Heart failure is one condition that must not be neglected and for those who are at risk, controlling one's temper and staying away from mentally stressful situations could help reduce the risk of facing this life-threatening disease.
The study titled, "Impact of Mental Stress and Anger on Indices of Diastolic Function in Patients with Heart Failure," was published in the Journal of Cardiac Failure and conducted by Yale University. It evaluated the effects of anger and stress on the ability of the heart to relax, as well as refill between contractions of the muscles. This ability of the heart is scientifically known as a diastolic function. Scientists have long associated diastolic function with mortality risk.
For one week, the participants who had heart failure with reduced ejection fraction completed a daily questionnaire that sought to draw out their experiences of negative emotions, particularly stress and anger. The questions let them describe what they felt the previous day, roughly 24 hours prior to answering.
Aside from the questionnaire, they were made to complete a standardised "mental stress protocol" where they were tasked to solve challenging math problems, then they had to describe a recent stressful event. Their diastolic functions in both activities were monitored using echocardiograms.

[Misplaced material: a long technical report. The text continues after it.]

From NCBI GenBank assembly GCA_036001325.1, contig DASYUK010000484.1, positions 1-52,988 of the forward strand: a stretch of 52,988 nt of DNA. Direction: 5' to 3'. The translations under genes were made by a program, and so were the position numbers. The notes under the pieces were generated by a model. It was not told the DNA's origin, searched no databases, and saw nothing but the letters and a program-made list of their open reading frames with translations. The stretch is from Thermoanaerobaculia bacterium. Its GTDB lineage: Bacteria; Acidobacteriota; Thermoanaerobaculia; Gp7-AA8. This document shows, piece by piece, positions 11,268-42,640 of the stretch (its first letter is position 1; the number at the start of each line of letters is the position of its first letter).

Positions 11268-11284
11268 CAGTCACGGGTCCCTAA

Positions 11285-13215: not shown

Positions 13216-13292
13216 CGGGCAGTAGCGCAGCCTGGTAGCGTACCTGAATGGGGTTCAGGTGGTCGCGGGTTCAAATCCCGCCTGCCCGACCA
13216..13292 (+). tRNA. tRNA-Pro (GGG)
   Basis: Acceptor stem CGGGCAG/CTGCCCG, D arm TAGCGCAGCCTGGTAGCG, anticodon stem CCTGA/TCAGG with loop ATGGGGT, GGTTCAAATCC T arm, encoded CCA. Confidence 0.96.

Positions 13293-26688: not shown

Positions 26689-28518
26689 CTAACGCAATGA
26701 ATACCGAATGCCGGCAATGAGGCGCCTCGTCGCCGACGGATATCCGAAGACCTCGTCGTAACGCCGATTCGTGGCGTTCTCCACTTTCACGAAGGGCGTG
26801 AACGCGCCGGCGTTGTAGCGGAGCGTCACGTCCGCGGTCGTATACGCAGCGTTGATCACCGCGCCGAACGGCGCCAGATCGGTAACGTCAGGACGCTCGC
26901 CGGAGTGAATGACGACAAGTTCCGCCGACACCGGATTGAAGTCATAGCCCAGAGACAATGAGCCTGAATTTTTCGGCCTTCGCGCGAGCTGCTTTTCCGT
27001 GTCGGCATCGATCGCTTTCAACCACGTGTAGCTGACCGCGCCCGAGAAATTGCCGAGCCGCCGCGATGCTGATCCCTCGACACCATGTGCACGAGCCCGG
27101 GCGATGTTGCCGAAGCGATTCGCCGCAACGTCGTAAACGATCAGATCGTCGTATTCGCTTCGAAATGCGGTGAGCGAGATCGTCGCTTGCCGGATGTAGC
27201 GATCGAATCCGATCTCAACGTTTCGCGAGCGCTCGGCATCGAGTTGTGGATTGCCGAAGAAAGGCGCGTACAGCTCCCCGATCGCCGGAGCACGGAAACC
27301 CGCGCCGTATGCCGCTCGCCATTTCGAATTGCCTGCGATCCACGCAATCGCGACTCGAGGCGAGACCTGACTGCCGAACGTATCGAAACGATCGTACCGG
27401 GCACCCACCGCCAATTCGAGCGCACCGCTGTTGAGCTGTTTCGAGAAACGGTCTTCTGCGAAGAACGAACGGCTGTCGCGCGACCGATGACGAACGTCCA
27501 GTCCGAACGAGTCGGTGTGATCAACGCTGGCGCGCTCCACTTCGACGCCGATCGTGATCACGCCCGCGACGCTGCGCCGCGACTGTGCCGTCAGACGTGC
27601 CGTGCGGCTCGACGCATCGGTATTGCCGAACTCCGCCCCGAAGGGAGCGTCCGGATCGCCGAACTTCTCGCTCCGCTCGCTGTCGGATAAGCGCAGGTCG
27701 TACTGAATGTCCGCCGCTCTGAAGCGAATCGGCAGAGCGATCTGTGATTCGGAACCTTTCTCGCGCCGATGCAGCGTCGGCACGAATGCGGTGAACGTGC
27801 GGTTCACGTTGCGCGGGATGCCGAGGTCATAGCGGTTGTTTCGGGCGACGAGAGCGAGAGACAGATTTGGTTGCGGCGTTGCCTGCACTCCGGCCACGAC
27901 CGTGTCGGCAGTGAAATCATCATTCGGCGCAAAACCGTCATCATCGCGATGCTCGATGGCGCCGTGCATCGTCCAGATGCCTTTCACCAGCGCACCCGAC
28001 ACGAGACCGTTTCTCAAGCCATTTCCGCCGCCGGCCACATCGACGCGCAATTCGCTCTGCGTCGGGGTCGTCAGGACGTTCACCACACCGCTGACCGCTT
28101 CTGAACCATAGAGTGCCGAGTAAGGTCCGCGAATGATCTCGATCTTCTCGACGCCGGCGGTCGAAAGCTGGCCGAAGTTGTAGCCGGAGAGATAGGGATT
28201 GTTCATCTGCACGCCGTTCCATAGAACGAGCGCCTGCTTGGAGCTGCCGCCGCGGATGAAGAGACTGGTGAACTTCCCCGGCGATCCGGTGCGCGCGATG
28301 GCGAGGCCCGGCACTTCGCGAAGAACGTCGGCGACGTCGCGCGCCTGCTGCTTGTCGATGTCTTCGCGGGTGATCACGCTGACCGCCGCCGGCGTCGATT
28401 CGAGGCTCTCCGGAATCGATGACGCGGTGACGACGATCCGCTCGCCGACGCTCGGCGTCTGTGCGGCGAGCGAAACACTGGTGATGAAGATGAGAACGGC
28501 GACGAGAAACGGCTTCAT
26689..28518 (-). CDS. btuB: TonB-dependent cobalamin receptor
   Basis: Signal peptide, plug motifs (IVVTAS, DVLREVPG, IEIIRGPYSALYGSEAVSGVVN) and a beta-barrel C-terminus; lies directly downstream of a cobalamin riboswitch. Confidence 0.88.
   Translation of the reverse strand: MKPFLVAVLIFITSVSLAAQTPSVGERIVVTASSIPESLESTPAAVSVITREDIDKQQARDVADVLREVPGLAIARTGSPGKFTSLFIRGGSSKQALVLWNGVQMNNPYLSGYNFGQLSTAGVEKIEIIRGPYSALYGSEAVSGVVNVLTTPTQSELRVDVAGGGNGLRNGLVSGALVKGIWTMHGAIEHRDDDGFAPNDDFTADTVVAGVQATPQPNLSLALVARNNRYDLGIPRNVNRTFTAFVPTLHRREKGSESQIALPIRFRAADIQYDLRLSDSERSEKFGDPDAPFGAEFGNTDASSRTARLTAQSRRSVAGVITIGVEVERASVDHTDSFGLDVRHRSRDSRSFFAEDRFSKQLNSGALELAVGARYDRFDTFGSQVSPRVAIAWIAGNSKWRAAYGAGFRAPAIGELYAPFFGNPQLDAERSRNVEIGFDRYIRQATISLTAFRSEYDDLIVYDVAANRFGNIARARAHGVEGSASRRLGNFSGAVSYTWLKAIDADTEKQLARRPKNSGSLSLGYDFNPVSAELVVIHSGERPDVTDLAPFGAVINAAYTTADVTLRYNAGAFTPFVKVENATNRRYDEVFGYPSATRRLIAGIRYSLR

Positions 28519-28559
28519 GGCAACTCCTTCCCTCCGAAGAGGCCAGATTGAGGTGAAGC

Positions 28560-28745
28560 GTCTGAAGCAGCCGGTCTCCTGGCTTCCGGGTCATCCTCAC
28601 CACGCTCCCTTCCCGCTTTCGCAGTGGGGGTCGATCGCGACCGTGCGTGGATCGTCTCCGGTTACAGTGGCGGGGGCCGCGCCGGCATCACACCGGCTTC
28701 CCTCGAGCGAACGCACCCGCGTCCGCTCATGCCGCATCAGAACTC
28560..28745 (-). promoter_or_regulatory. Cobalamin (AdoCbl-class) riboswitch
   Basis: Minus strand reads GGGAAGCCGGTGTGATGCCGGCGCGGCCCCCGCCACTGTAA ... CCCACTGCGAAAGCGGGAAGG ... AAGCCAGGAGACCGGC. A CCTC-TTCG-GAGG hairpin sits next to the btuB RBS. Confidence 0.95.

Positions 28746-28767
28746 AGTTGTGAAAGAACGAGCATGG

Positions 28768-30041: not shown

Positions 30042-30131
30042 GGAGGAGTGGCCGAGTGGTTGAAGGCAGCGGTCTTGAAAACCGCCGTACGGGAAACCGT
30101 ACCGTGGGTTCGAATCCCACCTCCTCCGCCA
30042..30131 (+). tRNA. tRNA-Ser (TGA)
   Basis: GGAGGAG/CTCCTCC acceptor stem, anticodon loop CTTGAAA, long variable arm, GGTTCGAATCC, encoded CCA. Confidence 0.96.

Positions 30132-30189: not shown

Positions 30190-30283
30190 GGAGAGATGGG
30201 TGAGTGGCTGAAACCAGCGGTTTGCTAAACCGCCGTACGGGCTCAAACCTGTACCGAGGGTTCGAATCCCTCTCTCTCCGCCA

The researchers found that those patients who had bouts with anger in the week preceding the mental stress protocol showed a bad baseline resting diastolic pressure. They also saw how stress led to changes in diastolic function. There was a decrease in the heart's early relaxation and an increase in diastolic pressure.
Kristie Harris, the study's lead author and a postdoctoral associate in cardiovascular medicine at Yale said that it is common for patients with heart failure to experience mental stress. Harris noted that this is partly due to the difficulties associated with self-management of the disease. There is also the worsening functional limitations that patients need to deal with. In addition, symptoms often exacerbate and hospitalisations become frequent, all leading to a stressful environment.
A Yale clinical psychologist and the senior author of the study, Matthew Burg, stated that stress management has helped in reducing the risk associated with patients who have ischemic heart disease. More work is needed to pinpoint how stress increases the vulnerability of a patient from suffering heart failure. Along with this, further studies are also needed in determining whether undergoing stress management can improve risk factors of patients.